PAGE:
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Citizenship, Recovery and Inclusive Society Partnership

Periodic Reporting for period 2 - CRISP (Citizenship, Recovery and Inclusive Society Partnership)

Reporting period: 2018-01-01 to 2019-12-31

Funded by Marie Sklodowska-Curie Actions, Research and Innovation Staff Exchange (RISE) scheme, our international network unites leaders from academia, policy, non-governmental organisations and people with lived experience from the EU and the US.The CRISP network includes the University of Strathclyde, the Mental Health Foundation, New York University, Yale University, Mieli (Mental Health Finland) Ulm University and the Illinois Institute of Technology. This transatlantic partnership connects leading EU and US partners to share and build upon state-of-the-art knowledge and research in the key dimensions of social inclusion and mental health: citizenship, recovery, stigma and public policy. This major international programme works with major international partners to tackle health and social inequalities for people experiencing mental ill health.People with mental health problems experience significant inequalities including high levels of early mortality, morbidity, unemployment, poverty, isolation and social exclusion presenting major health, social and economic challenges to wider society. Addressing the tremendous health, social and economic challenges to Europe caused by social exclusion of people with mental health problems – this innovative partnership brought together leaders in academia, policy, practice, business, community organisations and people with lived experience of mental health issues in order to reformulate how social exclusion is understood and addressed. We have connected leading organisations from the EU and U.S. to establish and embed a transatlantic network to identify and share state of the art knowledge and practice in the key factors that influence social exclusion of people with mental health problems - citizenship, recovery, stigma and public policy development.The main outcomes of the CRISP network include sharing and disseminating learning in terms of ‘what works’ in different social contexts. Particular attention was given to issues of intersectionality and how to promote social inclusion, citizenship, and human rights of people with lived experience of mental health problems.The international network has built upon state of the art knowledge in four key areas of mental health namely citizenship, recovery, stigma, and public policy. International collaboration in these areas has enabled new perspectives, enhancing skills and career opportunities for researchers and practitioners alike. These new opportunities and perspectives have enabled innovative initiatives ‘back home’, contributing towards the sustained inclusion of people with experience of mental health problems.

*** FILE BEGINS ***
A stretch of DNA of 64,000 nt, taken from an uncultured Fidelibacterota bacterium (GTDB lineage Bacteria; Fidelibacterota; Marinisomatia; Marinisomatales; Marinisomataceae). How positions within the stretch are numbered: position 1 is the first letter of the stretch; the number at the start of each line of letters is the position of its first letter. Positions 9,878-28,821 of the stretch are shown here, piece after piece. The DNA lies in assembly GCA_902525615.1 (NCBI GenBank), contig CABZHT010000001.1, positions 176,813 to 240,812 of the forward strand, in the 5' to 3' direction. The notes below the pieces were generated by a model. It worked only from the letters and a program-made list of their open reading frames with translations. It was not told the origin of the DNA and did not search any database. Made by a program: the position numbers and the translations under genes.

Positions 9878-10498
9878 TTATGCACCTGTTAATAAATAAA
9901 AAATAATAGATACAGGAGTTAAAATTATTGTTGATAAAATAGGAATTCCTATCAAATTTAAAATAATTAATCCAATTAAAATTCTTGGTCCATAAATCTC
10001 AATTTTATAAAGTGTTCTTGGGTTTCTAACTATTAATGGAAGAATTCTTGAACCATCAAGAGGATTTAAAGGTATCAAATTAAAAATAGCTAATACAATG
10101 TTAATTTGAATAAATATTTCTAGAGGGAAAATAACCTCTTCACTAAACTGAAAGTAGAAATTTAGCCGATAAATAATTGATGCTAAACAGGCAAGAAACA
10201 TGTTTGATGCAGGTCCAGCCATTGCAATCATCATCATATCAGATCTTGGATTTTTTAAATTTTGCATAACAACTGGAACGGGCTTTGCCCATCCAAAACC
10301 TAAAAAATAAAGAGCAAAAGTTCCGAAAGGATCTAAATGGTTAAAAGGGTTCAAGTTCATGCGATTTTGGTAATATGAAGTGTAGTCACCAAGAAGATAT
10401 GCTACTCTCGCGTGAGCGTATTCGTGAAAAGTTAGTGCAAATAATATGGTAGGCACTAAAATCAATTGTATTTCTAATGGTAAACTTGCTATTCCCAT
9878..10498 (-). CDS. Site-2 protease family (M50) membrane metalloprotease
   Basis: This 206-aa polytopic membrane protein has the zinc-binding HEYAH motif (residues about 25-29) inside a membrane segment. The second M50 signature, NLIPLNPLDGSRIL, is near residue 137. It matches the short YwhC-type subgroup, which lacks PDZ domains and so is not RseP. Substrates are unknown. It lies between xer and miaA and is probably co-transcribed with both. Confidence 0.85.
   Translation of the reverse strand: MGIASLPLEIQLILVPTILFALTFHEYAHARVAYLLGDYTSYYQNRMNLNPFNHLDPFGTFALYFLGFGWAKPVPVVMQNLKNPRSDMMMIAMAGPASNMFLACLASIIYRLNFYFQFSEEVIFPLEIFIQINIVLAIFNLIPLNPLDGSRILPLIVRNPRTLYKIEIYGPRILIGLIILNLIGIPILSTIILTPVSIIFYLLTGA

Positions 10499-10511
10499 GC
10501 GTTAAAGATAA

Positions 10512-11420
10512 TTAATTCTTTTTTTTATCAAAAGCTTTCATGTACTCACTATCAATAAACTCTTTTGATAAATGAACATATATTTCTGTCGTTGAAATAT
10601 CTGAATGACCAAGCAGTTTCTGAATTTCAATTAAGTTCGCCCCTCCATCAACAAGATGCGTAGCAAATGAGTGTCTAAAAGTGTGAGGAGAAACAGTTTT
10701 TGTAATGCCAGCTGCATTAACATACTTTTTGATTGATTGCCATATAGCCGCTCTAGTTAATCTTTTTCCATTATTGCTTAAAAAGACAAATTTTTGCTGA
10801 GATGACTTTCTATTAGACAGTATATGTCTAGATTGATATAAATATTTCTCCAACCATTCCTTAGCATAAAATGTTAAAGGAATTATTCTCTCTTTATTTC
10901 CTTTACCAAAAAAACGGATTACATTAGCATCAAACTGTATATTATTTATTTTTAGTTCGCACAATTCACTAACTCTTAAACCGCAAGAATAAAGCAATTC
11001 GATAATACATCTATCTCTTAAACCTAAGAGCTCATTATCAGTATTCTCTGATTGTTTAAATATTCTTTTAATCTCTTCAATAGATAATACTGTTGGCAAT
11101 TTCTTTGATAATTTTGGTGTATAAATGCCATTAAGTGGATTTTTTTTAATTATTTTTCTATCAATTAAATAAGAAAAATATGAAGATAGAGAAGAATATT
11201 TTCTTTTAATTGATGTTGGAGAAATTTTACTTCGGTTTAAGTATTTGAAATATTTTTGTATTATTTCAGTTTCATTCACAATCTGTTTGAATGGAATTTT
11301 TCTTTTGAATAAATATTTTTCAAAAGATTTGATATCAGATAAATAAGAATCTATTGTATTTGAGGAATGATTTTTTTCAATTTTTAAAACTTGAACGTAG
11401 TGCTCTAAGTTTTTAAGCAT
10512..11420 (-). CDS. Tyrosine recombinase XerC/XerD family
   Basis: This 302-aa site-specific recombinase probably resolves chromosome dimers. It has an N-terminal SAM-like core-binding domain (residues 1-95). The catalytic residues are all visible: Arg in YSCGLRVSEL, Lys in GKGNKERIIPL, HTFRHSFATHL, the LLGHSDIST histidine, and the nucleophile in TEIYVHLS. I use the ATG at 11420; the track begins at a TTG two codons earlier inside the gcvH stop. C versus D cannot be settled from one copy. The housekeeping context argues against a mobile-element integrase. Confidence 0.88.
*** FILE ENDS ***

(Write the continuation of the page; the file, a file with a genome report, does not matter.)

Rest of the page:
"WP1 Citizenship
-Symposia at Yale University in 2016 and 2017
-Special Issue of the American Journal of Psychiatric Rehabilitation “Citizenship: Social Approaches and Border Crossings in Contemporary Mental Health”
-CRISP citizenship event at the New Haven International Festival of Arts & Ideas.
-Yale-Strathclyde partnership on translating citizenship interventions and research to the Scottish setting
-Final international conference in Glasgow (2019)
-Stewart, A, et. al (2017). Constructing community to achieve citizenship using recognition theory, recovery, and citizenship as a reflective lens: Experiences from the United States and Scotland. American Journal of Psychiatric Rehabilitation
-Quinn, N., et. al (2019). Collective citizenship: from citizenship and mental health to citizenship and solidarity. Social Policy and Administration
WP2 Recovery and person centred care
-One-day seminar on recovery was held at Yale University in May 2016